Accreditation requirement causes last-minute confusion
YARMOUTH, Maine - Just days before the Oct. 1 deadline, some providers who have not finished the accreditation process aren't sure whether they need to voluntarily revoke their Medicare numbers.
They do, according to accreditation officials. Only providers who voluntarily revoke their numbers can have them re-activated after becoming accredited. Those who don't will have their numbers revoked for one year.
"Providers must do this," said Sandra Canally, president of The Compliance Team. "It's very serious."
Providers can voluntarily revoke their numbers by filing a revised 855S Medicare enrollment application with the National Supplier Clearinghouse (NSC), accreditation officials say.
Initially, this was news to provider Bill Lamberson. He thought only providers who chose not to become accredited by the Oct. 1 deadline had to voluntarily revoke their numbers, not providers who, like him, weren't able to get surveyed in time.
"We just planned to not bill Medicare for a month or two until they could get to us," said Lamberson, president of Lamberson's Home Care in Duluth, Ga., who expects to be surveyed some time in October or November.
Despite rumors, the rules are no different for providers who are in the process of becoming accredited, officials say.
"You're either accredited by the deadline or you're not," said Sherry Hedrick, senior vice president of clinical compliance for ACHC. "CMS and others have made that pretty clear, and we've tried very hard to communicate that to our customers."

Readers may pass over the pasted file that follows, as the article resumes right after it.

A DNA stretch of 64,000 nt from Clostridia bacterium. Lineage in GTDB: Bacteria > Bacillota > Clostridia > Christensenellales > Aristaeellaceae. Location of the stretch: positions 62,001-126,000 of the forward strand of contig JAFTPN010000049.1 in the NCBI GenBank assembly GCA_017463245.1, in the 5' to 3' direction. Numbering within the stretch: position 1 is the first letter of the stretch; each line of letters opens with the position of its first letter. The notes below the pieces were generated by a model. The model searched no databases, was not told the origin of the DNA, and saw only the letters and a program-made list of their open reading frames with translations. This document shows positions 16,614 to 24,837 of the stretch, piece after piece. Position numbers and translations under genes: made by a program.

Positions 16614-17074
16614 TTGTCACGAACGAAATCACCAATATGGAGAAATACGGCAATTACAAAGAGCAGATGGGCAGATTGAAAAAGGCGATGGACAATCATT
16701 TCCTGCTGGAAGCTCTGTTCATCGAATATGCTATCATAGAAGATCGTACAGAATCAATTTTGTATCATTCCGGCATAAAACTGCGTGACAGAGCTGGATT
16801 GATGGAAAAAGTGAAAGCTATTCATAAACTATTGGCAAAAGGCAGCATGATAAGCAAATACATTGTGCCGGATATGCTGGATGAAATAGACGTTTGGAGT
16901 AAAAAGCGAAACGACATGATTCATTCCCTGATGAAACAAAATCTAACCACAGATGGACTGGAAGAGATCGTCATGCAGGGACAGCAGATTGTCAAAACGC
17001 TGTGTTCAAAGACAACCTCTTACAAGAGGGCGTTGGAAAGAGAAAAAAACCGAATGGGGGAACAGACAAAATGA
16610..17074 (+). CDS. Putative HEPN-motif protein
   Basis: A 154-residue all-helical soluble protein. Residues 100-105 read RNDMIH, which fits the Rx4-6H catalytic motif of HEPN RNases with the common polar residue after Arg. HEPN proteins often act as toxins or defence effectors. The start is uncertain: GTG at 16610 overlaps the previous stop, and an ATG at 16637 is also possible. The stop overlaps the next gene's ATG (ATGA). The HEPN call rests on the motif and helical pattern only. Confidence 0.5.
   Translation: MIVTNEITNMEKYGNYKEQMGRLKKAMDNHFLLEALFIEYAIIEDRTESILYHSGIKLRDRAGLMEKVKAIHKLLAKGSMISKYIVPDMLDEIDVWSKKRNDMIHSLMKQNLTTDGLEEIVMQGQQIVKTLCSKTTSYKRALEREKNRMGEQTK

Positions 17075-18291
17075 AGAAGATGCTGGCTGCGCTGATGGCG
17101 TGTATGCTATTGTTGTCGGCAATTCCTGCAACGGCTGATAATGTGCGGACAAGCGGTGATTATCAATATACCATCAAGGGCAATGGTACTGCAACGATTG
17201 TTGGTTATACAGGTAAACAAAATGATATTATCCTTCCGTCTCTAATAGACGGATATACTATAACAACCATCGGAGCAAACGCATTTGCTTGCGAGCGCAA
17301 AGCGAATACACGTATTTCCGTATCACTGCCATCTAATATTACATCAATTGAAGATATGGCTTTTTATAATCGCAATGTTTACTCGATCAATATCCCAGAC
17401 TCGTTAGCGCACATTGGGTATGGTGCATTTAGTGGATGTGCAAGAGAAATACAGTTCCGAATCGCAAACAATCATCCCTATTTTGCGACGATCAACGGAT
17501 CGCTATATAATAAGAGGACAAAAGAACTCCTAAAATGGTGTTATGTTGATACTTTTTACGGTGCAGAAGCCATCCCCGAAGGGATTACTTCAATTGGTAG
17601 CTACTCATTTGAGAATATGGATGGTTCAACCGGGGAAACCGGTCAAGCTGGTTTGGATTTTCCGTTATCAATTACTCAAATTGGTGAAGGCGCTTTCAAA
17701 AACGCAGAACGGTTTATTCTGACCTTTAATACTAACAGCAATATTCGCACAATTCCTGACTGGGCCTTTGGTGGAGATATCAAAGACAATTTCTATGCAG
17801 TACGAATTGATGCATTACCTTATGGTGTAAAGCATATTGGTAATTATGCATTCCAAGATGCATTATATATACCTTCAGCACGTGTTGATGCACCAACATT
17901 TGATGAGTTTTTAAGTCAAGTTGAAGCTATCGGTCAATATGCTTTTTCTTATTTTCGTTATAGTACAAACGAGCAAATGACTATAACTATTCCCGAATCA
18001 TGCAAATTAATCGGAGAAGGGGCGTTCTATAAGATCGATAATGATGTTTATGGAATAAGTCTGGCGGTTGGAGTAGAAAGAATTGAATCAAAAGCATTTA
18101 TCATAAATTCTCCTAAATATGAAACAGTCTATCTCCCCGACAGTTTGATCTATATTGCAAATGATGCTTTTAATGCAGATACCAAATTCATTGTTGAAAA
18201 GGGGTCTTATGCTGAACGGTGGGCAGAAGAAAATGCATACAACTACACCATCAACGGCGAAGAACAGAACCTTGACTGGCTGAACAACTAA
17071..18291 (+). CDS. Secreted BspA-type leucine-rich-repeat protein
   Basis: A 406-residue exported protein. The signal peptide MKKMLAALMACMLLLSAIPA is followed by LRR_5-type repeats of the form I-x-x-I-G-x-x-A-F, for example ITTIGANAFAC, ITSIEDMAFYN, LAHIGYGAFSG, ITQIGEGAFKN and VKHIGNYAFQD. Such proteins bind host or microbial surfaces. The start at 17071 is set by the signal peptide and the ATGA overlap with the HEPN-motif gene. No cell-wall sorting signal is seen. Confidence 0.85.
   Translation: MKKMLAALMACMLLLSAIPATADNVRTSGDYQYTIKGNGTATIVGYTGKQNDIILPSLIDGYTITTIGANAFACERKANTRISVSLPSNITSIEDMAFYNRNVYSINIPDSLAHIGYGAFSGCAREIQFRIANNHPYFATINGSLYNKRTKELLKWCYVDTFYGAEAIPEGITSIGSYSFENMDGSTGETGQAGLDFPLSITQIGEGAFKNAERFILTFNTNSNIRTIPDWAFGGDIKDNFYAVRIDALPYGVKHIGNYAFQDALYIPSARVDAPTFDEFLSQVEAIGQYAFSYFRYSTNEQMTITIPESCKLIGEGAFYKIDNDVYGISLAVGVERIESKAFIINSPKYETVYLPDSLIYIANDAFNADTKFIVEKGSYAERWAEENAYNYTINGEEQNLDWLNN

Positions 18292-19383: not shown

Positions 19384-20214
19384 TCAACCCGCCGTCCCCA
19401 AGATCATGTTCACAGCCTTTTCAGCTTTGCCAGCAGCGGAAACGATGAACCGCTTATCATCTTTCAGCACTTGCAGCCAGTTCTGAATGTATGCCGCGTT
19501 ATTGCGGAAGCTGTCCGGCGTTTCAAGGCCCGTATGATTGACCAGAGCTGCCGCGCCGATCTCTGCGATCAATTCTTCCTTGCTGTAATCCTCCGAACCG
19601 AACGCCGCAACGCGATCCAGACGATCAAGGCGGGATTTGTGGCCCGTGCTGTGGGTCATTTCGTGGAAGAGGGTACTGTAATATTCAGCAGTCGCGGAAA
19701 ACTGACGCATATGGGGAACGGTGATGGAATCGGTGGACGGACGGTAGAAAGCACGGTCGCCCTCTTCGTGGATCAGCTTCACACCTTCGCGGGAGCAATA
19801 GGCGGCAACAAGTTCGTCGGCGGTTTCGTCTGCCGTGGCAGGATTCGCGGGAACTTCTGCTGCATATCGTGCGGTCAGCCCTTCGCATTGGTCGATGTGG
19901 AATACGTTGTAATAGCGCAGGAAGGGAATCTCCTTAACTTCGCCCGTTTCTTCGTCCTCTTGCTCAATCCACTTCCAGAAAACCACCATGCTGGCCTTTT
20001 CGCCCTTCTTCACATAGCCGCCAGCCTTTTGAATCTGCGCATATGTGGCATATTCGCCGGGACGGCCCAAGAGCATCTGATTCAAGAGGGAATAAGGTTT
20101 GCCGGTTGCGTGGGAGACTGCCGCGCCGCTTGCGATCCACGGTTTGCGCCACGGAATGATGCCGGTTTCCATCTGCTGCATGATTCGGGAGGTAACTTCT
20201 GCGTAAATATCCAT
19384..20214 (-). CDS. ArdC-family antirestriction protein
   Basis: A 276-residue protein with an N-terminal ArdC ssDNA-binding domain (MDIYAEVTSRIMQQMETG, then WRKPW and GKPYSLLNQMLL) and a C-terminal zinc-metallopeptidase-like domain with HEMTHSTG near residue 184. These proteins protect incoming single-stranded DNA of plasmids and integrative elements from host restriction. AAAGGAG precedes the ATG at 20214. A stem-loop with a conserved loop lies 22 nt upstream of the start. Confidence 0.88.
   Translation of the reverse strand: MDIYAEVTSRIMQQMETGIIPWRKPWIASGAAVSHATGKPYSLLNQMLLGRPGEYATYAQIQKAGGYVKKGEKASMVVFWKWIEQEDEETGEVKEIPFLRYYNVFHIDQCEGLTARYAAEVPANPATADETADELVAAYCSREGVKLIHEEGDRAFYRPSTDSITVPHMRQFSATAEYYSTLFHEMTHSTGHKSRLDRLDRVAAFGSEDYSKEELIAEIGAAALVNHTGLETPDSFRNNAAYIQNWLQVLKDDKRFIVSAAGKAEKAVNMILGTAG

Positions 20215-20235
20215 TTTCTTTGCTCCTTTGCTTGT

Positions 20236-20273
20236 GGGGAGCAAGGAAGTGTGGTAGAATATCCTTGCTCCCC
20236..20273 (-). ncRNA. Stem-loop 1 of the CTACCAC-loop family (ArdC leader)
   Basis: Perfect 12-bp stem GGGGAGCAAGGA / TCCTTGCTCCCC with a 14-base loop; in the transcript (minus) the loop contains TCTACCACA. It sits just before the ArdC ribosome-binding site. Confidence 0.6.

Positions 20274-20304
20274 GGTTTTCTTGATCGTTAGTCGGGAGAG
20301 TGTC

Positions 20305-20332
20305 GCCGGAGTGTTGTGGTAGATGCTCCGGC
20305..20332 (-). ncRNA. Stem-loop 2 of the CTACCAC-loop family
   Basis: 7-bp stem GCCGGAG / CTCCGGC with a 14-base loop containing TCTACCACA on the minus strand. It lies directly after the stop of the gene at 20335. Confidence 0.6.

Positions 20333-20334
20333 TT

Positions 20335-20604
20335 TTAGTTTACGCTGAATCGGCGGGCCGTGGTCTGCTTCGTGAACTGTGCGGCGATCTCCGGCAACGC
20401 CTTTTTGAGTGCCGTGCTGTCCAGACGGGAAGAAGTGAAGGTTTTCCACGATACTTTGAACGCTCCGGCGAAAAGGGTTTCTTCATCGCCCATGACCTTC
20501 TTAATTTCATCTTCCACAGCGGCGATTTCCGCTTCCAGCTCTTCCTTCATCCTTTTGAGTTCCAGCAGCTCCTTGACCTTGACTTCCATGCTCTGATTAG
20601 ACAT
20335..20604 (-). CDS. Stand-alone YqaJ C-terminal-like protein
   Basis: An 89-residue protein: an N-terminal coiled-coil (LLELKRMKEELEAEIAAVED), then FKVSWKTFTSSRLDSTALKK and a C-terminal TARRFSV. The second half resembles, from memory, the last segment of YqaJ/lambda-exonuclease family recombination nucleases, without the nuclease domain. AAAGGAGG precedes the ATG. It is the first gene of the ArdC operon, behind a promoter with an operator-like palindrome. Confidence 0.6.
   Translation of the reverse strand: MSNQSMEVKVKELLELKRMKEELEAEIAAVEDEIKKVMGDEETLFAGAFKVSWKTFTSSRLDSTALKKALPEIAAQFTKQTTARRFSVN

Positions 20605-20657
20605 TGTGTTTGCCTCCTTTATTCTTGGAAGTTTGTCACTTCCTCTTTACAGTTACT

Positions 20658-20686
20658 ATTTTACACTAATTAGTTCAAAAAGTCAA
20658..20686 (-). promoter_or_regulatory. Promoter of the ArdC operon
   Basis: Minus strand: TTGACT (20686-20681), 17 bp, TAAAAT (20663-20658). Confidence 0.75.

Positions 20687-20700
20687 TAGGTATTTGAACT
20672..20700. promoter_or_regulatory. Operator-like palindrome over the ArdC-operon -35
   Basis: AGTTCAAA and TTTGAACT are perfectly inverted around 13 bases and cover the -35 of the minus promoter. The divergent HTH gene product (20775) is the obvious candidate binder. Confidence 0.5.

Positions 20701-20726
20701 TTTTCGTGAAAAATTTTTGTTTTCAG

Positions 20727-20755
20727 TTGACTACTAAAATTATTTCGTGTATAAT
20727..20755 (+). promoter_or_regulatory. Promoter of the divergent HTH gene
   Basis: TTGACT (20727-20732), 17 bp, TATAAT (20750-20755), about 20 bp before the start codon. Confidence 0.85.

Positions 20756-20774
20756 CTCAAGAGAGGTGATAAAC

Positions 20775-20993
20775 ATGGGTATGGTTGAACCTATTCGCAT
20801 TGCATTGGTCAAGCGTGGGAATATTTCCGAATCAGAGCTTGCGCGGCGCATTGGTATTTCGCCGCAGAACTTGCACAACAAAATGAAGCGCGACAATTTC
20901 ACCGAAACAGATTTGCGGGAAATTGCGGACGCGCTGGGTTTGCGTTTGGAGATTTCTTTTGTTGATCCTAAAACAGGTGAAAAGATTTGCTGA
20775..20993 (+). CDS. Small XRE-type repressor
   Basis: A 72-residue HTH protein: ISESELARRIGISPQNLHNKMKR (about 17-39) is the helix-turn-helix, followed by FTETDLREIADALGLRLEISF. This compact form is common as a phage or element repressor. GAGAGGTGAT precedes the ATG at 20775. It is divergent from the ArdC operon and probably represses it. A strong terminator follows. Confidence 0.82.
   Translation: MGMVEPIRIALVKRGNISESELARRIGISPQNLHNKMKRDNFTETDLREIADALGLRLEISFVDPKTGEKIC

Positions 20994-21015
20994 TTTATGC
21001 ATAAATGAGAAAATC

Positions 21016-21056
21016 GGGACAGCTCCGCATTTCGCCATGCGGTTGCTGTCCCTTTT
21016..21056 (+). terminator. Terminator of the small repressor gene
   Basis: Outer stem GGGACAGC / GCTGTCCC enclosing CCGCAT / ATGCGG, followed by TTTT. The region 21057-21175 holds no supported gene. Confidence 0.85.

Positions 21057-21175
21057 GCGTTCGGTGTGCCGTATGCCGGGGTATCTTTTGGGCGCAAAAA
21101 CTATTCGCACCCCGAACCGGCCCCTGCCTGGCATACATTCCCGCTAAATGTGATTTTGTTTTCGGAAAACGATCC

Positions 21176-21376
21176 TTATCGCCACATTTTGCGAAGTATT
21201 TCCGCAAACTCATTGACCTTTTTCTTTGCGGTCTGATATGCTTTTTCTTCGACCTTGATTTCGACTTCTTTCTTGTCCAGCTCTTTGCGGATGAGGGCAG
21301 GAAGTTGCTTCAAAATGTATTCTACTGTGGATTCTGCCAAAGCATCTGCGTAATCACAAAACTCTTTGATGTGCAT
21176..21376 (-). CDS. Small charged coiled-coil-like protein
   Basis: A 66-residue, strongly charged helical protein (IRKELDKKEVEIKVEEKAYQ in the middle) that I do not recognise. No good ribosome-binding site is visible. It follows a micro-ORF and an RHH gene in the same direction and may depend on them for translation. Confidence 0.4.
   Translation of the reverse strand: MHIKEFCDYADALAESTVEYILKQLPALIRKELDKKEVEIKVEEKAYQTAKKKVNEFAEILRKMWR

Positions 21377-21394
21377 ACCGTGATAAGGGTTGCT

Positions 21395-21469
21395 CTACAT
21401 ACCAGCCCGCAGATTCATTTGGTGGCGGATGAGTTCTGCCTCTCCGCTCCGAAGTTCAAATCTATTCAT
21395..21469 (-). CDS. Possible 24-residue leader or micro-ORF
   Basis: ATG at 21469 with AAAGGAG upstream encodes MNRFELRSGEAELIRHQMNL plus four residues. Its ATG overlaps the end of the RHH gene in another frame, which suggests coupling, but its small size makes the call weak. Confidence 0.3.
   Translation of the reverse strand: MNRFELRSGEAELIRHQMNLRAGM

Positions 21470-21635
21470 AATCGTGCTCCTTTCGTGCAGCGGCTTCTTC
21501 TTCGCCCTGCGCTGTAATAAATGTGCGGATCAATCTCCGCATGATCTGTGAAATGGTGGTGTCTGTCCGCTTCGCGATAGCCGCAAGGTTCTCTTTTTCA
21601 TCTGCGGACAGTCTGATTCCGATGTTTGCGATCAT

Still, Lamberson's not alone, sources say.
"There's definitely a lack of awareness out there," said Bob Weir, a surveyor.
It's unclear how long it will take the NSC to re-activate voluntarily revoked numbers once providers become accredited.
"My understanding, and what we've told providers, is as soon as they're surveyed, they can reapply," Hedrick said. "As soon as the NSC processes their application, they'll get an approval date and they can start billing again on that date. We don't have a definitive timeframe."
The process could take two to four months, according to sources.
Providers like Kelley Matusic, who planned to voluntarily revoke her number before the deadline, worry about going months without billing Medicare.
"I'm worried about losing my customers," said Matusic, who owns Family Medical in Hurricane, West Va. "And if I'm able to keep my customers, I'm worried about interrupting their service. I don't understand why, if you've started the process, you can't get an extension."